I have a short piece in issue 15 of the fanzine Journey Planet. Click that, scroll down, and download the free PDF. It’s the “write stuff” issue edited by Lynda Rucker and includes articles by Lynne Thomas, Jason R. Ridler, Kameron Hurley, and plenty of others.
My piece is a dandied up version of this blog post. For the record I’m no longer reading slush in any fashion.
It is frustrating at times because one day you will be reading a book and thinking “This is great – This is the way to do it”, then two days later you’ll be reading another book and it’ll be doing the exact opposite thing, but you’ll think the exact same thing.
When faced with two opposite truths the issue is no longer to find the fault in one, but to decide between them. Which path will lead you to the place you want to go.
There will never be a rainy Saturday afternoon long enough for all the movies that require a rainy Saturday afternoon to be fully appreciated.
So that fascinating thing I hinted at about the setting in my last post about Le Morte D’Arthur – it’s totally generic McEurope, but instead of this being a design flaw, it’s a design feature.
Actually calling it McEurope is too specific. It’s more McMedieval Feudalism seen from the top without ever looking down. It’s an aristocracy divorced from all other social classes with an endless supply of weapons and armor to fight with. You have to at least enjoy that stuff as aesthetic trappings without any attendant realism. Only once does someone go to town and see a craftsperson to get a thing fixed. That’s your realism. Peasants hardly ever appear in it, and knights apparently have nothing better to do than stand all day beside bridges challenging whomever happens to walk by. “None shall pass”, etc.
What locales there are all blend together. Bridges, cloisters, and wells with maidens (or knights) weeping beside them lend some decoration to the otherwise indistinguishable setting. There are castles, and outside every castle is a forest. Inside the forest adventures happen.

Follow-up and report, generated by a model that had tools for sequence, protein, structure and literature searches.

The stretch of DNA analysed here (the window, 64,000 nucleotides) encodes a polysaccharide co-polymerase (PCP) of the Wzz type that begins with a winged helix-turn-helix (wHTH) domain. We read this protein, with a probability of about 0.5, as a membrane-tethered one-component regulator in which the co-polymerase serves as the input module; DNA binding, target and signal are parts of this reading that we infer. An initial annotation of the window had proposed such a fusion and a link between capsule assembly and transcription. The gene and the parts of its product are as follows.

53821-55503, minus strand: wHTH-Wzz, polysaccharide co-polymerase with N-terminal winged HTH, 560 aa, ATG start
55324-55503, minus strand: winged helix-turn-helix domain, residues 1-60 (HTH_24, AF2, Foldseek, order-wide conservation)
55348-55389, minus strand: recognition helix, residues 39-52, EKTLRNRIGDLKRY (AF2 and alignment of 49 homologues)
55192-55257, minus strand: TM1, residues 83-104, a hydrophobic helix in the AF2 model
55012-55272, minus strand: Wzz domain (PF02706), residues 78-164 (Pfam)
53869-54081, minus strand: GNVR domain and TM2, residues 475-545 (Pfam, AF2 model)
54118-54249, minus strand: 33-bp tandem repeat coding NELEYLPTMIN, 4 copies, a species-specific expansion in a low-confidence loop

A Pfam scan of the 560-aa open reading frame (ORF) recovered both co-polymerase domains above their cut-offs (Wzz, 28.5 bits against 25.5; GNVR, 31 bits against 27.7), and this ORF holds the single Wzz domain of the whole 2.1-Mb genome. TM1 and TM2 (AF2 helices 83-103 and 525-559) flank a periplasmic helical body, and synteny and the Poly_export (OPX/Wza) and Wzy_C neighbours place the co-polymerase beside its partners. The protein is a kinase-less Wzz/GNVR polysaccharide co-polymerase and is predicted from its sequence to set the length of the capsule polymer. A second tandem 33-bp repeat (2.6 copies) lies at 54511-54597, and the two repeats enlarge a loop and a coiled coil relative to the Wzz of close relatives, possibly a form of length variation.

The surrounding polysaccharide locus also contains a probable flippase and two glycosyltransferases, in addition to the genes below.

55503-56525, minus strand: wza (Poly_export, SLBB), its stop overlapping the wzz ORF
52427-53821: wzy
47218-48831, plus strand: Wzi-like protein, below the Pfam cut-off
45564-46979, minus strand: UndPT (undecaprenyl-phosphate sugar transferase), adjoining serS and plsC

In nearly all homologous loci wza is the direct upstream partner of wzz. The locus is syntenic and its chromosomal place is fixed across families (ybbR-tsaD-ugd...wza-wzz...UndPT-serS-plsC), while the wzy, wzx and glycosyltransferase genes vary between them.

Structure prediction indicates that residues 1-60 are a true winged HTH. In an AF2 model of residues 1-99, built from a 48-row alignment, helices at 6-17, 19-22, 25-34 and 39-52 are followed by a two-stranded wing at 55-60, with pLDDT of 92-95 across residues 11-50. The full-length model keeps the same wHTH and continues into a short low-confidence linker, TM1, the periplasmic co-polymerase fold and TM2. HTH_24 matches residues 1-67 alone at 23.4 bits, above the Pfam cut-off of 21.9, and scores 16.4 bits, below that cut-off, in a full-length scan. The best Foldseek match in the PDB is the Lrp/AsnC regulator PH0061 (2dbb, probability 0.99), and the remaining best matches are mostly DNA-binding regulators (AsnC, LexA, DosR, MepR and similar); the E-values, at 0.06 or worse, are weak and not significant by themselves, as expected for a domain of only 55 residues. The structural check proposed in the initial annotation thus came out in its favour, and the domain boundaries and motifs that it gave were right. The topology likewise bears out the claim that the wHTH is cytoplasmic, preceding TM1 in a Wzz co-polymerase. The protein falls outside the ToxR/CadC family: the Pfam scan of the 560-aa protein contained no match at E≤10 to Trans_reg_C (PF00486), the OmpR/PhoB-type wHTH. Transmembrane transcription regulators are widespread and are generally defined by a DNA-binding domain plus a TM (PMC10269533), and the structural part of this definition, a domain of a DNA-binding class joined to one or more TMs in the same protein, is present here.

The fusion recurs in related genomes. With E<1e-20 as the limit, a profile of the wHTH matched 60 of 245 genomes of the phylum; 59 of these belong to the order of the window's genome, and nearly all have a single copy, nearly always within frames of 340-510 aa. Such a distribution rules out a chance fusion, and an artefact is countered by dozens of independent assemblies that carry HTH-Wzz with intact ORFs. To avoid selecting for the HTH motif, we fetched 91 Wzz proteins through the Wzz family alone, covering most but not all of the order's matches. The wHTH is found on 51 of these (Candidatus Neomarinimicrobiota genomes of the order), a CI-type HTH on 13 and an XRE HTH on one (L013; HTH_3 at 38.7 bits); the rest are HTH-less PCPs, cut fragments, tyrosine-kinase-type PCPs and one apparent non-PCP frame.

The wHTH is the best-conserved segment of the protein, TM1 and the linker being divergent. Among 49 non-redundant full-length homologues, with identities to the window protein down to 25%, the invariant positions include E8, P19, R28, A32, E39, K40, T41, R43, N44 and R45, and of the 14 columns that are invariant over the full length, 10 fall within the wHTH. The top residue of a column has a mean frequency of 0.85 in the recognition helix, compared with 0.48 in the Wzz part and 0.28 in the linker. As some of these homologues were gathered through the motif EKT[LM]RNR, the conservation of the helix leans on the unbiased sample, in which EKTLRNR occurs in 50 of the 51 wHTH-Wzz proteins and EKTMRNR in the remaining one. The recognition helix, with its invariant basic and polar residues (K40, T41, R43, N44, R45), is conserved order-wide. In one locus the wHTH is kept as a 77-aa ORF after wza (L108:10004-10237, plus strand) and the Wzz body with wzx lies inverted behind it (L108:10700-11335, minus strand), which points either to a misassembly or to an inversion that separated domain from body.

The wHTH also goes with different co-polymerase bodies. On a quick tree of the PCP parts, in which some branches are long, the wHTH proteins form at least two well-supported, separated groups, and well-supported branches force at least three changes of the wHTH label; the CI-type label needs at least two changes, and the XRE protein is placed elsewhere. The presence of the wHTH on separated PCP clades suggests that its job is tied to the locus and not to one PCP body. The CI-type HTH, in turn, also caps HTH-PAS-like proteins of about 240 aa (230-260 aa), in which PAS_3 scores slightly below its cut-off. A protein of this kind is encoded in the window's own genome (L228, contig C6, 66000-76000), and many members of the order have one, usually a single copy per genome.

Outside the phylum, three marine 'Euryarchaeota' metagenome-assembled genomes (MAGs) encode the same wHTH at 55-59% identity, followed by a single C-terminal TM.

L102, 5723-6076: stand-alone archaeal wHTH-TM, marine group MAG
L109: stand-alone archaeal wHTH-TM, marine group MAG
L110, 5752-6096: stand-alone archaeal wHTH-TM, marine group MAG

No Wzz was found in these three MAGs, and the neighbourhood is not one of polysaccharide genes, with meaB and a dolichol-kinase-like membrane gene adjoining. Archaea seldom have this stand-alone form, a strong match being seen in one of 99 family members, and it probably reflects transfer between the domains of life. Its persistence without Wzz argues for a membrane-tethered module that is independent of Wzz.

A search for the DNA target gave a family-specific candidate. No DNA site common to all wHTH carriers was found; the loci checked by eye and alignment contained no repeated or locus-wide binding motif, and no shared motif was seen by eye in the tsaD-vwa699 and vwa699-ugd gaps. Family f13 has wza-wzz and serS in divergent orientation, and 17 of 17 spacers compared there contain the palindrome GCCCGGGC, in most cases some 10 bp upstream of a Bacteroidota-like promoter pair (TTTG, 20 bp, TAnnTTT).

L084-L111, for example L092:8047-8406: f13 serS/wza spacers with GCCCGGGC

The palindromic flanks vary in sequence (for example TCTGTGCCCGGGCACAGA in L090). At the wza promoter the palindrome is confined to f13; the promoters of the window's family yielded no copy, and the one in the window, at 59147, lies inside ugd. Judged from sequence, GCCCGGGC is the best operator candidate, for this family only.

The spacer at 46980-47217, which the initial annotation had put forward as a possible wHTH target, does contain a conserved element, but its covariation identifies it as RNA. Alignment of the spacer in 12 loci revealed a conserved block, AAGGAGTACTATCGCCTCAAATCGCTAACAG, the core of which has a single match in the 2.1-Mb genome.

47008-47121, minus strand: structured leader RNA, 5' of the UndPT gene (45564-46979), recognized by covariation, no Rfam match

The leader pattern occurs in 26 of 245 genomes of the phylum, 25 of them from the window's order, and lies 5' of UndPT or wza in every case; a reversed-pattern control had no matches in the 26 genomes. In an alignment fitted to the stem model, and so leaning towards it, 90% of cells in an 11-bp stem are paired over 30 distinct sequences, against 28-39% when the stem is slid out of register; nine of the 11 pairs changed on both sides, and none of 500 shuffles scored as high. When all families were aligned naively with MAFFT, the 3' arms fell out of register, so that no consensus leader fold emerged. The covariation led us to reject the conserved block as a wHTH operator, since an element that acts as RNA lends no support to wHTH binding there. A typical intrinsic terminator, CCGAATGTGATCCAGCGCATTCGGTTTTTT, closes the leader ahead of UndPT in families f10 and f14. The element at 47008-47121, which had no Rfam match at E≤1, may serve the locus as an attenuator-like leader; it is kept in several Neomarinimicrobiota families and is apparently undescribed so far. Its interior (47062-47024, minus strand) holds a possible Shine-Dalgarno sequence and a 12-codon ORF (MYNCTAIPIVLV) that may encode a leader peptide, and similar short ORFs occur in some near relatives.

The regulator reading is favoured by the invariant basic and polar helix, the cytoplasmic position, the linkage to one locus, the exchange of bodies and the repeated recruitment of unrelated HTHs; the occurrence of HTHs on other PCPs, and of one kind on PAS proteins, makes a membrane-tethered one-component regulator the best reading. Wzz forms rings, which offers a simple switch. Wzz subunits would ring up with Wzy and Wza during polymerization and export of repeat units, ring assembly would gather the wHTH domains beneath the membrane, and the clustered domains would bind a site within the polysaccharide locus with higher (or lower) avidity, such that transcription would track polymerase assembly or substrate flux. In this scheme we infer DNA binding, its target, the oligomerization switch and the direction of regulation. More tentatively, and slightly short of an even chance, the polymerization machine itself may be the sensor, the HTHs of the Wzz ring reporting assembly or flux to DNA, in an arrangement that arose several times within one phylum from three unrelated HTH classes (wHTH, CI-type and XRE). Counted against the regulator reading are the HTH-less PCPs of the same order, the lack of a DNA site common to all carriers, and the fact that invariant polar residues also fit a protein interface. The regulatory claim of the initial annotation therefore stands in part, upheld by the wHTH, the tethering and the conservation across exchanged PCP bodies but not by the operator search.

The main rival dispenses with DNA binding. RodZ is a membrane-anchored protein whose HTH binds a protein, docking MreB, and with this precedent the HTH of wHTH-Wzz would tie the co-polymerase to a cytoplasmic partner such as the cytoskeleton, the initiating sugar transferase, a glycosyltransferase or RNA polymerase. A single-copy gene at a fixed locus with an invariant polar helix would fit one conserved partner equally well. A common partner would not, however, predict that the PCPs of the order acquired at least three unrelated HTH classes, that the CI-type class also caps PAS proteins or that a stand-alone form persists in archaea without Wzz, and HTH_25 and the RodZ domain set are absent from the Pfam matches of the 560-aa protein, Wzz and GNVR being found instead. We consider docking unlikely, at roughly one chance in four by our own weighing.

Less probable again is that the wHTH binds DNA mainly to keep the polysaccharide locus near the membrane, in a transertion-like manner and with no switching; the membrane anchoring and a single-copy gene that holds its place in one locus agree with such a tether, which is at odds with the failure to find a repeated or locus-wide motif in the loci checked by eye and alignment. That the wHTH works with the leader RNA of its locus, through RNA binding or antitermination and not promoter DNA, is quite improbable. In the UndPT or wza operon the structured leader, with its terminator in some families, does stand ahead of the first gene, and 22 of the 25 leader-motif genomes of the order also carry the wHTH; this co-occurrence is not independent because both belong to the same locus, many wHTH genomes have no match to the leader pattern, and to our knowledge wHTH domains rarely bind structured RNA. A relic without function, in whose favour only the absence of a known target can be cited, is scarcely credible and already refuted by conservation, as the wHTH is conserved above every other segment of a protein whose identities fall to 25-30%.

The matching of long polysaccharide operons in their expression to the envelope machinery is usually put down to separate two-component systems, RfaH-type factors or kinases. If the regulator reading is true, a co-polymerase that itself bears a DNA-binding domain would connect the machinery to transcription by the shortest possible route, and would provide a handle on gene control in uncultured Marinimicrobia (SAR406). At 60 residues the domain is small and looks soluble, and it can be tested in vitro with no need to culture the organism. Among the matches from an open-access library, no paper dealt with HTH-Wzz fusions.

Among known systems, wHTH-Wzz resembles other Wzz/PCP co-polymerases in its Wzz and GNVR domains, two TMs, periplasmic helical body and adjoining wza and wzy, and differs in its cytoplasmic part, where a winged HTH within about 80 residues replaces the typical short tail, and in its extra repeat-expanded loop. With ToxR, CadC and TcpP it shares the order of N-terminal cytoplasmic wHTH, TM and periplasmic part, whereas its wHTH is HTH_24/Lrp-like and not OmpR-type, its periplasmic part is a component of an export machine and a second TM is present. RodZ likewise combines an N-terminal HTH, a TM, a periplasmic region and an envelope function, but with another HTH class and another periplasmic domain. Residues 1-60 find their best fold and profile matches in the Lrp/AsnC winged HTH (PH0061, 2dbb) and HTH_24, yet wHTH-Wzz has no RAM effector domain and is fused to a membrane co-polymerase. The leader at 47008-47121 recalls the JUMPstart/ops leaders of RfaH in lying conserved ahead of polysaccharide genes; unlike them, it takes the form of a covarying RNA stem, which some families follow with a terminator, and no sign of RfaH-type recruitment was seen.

But I said this is a feature rather than a flaw. What makes it fascinating is how quickly bright sanitized McMedieval Feudalism can become weird foreboding mythic id-laden fairyland. The one rule is when you go into the forest stuff happens to you. That stuff can be the frat-house jousting (with accompanying sides of homoeroticism and misogyny), or something a lot weirder and subconsciously ripe. It’s no surprise that “the forest” gets transformed into “the wasteland” during the Grail Quest.
What to make of this? On one hand the setting is so bland and divorced from reality as to be nonsensical. On the other hand that blandness has an advantage when telling a story and playing with archetypes, especially because the bland is divided in half, a mundane world and its fantastic reflection, and the archetypes are never quite certain when the one will shift into the other. Not just this, but any deviation from the uniform setting stands out.
So it’s okay to be bland as long as it’s a conscious choice. Use it to your advantage. Dive deep and swim in the dark waters waiting beneath the bland’s placid surface. Find those pearls waiting down there along with those toothsome beasts. What you find might be wonderful or it might be ugly, but it won’t be bland. That’s for certain.